It’s probably the first time semen has ever been depicted in a primetime sitcom. Homer’s sperm resemble a bunch of idle tadpoles who sigh and snore:

By contrast, Smithers’ sperm, much to their owner’s pride, are so full of beans they even make a kind of humming sound:

For all the scenes involving Homer at odds with people and things around him – and there are many – the funniest sequence in the episode features the Flanders, who are overjoyed when Herb visits their house by mistake. “Aren’t we in luck?” cries Ned, sizing up the bedraggled figure on his doorstep. “Today’s our tithe day and we got ourselves a transient!” Where else in mainstream TV comedy would you hear language like this? “Come in my friend,” Ned continues, “let us feed and bathe you!” “Dad,” pipes up one of the Flanders children, “can I anoint the soles of his feet?” Had this been written to seem sinister or seedy, the scene would be ghastly. Instead the Flanders come over merely as harmless eccentrics, and the scene is a treat. 8

Special guests
Danny DeVito reprises his role as Herb and sounds bored from start to finish. Joe Frazier appears as himself, presenting Homer with the First Annual Montgomery Burns Award For Outstanding Achievement In The Field of Excellence. Frazier delivers his lines clumsily and with even less enthusiasm than DeVito, but because what he says is so implausible and far-fetched, the end result is really quite funny. “You lost a couch,” he informs Homer, “I lost a heavyweight championship. One day you’ll be walking along and you’ll see a piece of furniture you can love just as much.” 6

It’s a bit of a cut-and-paste job from Alf Clausen. When Homer collects the First Annual Montgomery Burns Award For Outstanding Achievement In The Field of Excellence, the Springfield Civic Centre Orchestra strikes up The Simpsons signature tune, as if it’s a “real” piece of music. It’s like the moment in Octopussy when Roger Moore hears the snake-charmer playing the James Bond theme: a nice gag on paper, but a bit too hokey on screen. 5

This is Dan Castellaneta’s show; the other cast members barely figure. “Ohhh, why did this have to happen in primetime,” he sobs when Homer’s couch collapses, “when TV’s brightest stars come out to shine?” He makes Homer sound forever teetering on the edge of a titanic emotional volcano. “My life just can’t get any worse,” he wails when Homer is sulking at the power plant. A noticeably long pause follows, as if he is waiting for the script to prove him wrong. “That’s right,” Castellaneta continues with exactly the right amount of bile in his voice, “there’s NO WAY my life could possibly get any worse.” After another, shorter pause – just long enough to be precisely funny – the public address system crackles into life with the inevitable summons to Burns’ office. 8

Animation direction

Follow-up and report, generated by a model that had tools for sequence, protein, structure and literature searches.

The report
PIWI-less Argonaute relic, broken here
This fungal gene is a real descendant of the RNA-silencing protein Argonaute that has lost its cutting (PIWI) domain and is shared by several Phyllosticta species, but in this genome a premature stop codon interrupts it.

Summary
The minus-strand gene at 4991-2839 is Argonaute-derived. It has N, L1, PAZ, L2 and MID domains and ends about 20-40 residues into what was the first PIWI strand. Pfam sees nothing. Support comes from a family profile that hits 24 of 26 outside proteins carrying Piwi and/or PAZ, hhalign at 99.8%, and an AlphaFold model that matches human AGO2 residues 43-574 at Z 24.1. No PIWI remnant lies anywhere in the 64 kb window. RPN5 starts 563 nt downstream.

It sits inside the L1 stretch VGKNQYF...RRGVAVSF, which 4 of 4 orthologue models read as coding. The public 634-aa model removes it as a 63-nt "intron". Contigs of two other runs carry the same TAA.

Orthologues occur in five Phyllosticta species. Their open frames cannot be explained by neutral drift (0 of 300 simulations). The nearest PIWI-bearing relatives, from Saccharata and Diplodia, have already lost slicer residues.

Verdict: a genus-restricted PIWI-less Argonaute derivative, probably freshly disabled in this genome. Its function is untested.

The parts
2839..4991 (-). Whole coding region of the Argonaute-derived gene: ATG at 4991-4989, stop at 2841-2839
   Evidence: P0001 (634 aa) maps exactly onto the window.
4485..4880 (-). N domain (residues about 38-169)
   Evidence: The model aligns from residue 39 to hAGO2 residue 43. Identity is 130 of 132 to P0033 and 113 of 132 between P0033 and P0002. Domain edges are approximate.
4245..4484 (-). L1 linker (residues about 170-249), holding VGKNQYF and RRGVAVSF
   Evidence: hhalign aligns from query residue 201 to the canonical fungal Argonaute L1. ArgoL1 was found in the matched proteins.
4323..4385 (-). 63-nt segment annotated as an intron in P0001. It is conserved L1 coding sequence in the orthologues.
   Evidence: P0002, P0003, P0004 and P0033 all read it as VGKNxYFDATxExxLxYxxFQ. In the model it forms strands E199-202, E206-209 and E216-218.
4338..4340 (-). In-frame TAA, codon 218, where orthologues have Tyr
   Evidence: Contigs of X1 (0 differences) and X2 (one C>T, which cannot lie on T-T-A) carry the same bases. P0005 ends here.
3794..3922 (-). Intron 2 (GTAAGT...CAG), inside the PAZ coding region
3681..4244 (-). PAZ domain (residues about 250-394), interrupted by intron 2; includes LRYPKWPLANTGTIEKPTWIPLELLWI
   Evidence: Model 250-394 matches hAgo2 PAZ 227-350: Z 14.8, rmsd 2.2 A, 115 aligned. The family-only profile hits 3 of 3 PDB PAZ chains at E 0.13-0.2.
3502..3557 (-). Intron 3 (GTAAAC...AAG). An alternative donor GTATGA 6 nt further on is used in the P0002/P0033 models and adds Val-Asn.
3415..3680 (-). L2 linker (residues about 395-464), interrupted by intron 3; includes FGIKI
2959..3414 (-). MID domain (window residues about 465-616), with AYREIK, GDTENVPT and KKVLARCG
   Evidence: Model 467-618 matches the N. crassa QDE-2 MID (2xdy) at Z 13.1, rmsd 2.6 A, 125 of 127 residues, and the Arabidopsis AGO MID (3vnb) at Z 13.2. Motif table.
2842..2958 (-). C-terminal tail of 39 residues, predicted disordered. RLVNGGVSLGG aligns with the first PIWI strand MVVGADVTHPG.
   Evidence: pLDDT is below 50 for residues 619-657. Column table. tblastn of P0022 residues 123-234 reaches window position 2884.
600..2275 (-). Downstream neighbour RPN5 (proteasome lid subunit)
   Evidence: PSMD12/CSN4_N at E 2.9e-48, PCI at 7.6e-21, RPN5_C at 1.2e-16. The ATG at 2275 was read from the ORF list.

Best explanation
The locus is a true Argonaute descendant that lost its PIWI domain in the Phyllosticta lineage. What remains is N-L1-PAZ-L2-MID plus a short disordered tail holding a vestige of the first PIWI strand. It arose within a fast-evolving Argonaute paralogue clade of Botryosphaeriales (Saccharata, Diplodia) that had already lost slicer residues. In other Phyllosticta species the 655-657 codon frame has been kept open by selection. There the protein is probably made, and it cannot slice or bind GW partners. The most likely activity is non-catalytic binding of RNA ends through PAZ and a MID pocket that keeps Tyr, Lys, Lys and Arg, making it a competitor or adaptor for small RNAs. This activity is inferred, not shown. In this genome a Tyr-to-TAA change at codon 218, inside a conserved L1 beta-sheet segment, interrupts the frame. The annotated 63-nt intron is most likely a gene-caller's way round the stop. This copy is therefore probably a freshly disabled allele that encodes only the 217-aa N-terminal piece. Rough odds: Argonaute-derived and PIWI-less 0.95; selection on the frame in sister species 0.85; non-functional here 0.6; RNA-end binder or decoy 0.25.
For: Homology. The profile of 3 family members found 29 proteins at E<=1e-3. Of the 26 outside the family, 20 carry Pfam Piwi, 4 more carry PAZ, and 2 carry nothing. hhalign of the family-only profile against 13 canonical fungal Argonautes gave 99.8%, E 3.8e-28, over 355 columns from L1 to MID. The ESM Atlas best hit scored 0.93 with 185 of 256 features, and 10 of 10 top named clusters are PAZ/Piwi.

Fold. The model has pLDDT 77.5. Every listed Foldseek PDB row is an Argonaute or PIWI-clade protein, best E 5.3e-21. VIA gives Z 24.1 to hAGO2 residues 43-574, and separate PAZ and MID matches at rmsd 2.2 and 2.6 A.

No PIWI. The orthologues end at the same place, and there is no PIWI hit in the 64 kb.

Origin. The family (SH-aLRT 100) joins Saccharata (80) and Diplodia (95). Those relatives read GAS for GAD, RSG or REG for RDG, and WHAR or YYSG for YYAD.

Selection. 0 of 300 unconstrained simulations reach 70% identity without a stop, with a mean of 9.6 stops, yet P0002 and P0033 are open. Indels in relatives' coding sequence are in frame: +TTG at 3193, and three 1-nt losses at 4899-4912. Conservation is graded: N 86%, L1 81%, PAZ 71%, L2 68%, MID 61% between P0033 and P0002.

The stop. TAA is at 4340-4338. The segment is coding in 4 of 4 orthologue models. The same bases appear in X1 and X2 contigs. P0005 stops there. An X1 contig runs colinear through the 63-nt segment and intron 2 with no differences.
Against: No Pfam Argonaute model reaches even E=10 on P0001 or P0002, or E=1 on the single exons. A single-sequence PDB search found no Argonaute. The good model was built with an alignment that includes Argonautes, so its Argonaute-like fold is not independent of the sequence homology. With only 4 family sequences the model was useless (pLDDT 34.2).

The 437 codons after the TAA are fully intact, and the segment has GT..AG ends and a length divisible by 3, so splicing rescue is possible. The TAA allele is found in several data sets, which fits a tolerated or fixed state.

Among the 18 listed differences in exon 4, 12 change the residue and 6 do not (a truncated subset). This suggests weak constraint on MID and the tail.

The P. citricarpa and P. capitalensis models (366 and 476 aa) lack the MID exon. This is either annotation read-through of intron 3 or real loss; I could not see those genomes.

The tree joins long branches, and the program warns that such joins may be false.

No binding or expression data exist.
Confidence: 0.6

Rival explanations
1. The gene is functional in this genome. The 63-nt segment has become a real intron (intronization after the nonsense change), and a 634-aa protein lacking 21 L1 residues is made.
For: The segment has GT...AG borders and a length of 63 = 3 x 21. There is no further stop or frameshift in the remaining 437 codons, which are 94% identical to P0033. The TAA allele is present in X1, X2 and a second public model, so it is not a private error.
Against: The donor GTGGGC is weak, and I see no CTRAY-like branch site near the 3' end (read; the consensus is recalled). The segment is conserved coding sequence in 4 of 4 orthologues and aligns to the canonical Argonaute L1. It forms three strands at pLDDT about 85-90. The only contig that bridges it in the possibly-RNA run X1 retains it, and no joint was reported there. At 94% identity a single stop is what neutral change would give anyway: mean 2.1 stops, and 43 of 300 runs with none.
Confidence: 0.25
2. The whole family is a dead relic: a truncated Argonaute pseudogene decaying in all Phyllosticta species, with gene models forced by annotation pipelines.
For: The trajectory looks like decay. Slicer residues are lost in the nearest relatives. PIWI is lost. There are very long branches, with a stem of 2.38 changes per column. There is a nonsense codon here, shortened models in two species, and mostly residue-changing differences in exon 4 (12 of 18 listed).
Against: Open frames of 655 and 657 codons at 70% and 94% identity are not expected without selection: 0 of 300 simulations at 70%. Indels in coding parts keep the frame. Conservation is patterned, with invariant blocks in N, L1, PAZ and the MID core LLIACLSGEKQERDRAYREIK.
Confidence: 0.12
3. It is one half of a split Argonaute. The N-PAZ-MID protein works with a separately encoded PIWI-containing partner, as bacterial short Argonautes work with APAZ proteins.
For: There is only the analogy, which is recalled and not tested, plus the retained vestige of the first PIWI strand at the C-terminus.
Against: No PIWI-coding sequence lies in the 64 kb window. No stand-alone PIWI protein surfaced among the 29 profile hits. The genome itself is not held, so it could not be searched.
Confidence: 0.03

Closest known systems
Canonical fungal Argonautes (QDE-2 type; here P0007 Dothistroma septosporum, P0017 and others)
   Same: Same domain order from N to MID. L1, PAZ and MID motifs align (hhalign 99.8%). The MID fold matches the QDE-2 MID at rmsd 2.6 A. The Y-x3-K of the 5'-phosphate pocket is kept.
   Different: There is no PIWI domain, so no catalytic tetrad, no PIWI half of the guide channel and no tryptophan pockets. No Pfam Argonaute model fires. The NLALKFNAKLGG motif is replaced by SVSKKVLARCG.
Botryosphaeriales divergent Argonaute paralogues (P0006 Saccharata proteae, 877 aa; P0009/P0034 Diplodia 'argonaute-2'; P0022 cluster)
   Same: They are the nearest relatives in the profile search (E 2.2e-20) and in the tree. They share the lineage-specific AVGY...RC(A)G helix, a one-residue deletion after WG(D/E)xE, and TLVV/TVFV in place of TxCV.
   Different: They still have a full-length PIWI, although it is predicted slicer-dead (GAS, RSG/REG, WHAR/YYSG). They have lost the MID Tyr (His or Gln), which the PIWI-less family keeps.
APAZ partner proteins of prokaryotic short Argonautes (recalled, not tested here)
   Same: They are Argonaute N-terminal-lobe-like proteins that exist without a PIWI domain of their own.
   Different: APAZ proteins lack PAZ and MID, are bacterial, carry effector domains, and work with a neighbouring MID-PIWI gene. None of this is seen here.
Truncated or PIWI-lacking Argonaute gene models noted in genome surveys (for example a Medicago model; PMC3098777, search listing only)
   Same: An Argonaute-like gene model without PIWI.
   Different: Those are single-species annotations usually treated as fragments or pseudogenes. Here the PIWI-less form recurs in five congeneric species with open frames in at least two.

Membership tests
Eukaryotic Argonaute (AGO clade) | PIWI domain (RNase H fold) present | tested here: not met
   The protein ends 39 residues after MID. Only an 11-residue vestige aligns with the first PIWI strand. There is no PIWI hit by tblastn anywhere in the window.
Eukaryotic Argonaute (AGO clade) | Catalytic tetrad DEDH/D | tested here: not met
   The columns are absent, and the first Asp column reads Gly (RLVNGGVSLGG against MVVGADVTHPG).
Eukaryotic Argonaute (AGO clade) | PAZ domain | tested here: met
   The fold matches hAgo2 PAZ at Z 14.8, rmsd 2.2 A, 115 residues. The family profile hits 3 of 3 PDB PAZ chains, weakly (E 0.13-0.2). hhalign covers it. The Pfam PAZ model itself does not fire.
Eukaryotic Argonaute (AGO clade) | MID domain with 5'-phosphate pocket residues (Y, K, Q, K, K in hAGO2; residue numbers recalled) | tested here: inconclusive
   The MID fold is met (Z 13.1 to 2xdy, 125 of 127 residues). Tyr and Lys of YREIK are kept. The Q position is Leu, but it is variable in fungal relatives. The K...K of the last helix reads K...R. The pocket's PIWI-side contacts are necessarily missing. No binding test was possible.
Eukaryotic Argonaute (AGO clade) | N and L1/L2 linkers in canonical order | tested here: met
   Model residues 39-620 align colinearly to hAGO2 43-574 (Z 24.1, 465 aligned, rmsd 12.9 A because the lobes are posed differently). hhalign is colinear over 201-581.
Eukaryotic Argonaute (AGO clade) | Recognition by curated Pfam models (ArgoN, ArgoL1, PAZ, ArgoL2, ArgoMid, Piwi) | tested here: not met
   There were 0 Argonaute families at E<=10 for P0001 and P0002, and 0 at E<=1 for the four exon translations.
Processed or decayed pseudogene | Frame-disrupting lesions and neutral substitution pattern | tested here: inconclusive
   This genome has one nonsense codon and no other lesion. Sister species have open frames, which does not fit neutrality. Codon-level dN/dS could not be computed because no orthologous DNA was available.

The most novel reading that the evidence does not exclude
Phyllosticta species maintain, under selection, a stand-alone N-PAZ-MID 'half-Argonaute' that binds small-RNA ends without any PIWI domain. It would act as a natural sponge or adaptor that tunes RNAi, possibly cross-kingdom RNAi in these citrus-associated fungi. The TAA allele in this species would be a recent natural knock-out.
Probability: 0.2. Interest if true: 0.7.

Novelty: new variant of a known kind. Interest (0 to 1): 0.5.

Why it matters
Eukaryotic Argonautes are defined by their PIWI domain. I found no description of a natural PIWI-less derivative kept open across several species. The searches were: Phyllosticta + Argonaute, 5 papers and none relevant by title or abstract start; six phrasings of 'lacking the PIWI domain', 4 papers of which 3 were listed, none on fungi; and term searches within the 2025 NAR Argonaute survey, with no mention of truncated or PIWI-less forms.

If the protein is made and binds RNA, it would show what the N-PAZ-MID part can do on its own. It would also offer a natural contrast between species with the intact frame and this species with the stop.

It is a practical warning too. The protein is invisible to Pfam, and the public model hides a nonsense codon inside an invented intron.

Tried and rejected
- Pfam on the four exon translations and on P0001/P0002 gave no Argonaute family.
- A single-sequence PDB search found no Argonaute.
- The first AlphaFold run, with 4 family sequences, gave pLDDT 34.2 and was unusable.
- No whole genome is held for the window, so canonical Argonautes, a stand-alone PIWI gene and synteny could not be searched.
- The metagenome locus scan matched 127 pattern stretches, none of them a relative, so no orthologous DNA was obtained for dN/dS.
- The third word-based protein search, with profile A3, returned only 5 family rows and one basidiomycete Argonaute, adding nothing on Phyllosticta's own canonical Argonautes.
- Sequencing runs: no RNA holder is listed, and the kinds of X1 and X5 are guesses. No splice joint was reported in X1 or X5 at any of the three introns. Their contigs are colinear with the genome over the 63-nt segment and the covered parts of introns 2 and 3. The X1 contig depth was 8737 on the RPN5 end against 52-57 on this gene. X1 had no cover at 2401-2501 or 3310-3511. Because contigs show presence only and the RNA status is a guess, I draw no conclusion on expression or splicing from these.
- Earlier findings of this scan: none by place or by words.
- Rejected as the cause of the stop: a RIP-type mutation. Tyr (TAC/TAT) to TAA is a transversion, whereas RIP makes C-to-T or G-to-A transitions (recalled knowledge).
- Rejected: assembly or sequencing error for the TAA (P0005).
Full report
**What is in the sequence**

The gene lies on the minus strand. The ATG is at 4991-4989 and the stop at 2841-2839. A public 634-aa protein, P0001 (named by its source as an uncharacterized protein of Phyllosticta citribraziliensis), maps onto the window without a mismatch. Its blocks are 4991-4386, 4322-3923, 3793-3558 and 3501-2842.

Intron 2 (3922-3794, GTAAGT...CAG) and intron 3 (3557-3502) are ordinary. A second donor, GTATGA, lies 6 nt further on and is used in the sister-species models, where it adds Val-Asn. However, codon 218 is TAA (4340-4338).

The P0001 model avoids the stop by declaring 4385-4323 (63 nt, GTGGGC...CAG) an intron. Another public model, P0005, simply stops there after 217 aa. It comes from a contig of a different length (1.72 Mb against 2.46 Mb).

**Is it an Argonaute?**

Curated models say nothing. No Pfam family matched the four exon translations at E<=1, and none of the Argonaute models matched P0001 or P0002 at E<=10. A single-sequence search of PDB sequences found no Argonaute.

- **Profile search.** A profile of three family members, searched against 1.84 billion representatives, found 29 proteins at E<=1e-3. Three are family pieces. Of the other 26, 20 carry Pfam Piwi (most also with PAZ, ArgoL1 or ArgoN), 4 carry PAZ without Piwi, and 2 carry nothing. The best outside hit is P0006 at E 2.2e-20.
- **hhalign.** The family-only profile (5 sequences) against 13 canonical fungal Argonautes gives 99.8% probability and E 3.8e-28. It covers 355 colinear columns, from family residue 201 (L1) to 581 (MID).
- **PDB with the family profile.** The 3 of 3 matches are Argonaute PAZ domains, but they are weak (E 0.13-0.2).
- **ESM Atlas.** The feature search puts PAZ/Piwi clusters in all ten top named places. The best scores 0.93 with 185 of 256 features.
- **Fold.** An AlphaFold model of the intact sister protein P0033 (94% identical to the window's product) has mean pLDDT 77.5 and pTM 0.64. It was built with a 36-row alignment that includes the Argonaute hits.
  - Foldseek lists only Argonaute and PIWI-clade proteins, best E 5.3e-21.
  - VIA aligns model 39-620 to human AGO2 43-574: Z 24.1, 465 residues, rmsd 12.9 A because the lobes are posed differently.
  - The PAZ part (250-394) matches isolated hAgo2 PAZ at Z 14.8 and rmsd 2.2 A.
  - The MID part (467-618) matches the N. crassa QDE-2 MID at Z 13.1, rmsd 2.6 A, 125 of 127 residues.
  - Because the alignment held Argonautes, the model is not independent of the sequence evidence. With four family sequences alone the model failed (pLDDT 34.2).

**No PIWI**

The style of this episode is set in almost the very first shot: Homer sizing up a stark-naked Lenny.

The animation serves the script utterly and matches it beat for beat; there is no padding, no scene-setting, not even the occasional artistic flourish from the director. What visual jokes there are have been mapped out to the letter – literally, in the case of the carriages making up the train which Herb decides to “jump” to get back to Springfield:

The tiniest expressions on characters’ faces function the same way. Look at how Homer’s face changes in this scene, from when Herb starts speaking:

…to the moment Herb says he wants to give the family a presentation that will last 20 minutes:

Some of the layouts are just as subtle. When Homer reminiscences about all the times he’s spent on his couch, the flashbacks reward you for looking not just at the foreground but the background as well:

Given the palaver through which this episode tumbled to make it on to the air, this is a smart, efficient job by Rich Moore from start to end. 8

Homages, spoofs, fantasies
Homer’s decision to roadtest a vibrating chair gives the writers another excuse to reference 2001: A Space Odyssey:

The homage, naturally, is meticulous. 9

Emotion and tone
Herb is someone it’s hard to warm to, but this wouldn’t matter so much if he was interesting. Of all Homer’s family members, he is the least able to prompt an emotional reaction from the viewer. He’s almost a walking stage direction. Tonally he subtracts rather than adds to every scene in which he appears. Thank goodness, then, that he’s not the star of the episode. He’s not even much of a supporting character, ranking somewhere below Homer’s sperm and the vibrating chair. But his presence ensures the pace of this story is lumbered with a genealogical limp that it is never quite able to shake off. 4

Verdict: 72%
Don’t hurry back, Herb (but you can leave the drinking bird).

2 thoughts on “59. Brother, Can You Spare Two Dimes?

  1. Welcome back Ian. Another excellent review, I don’t mind De Vito in this ep. though. I always get a chuckle from his reading of the baby translations.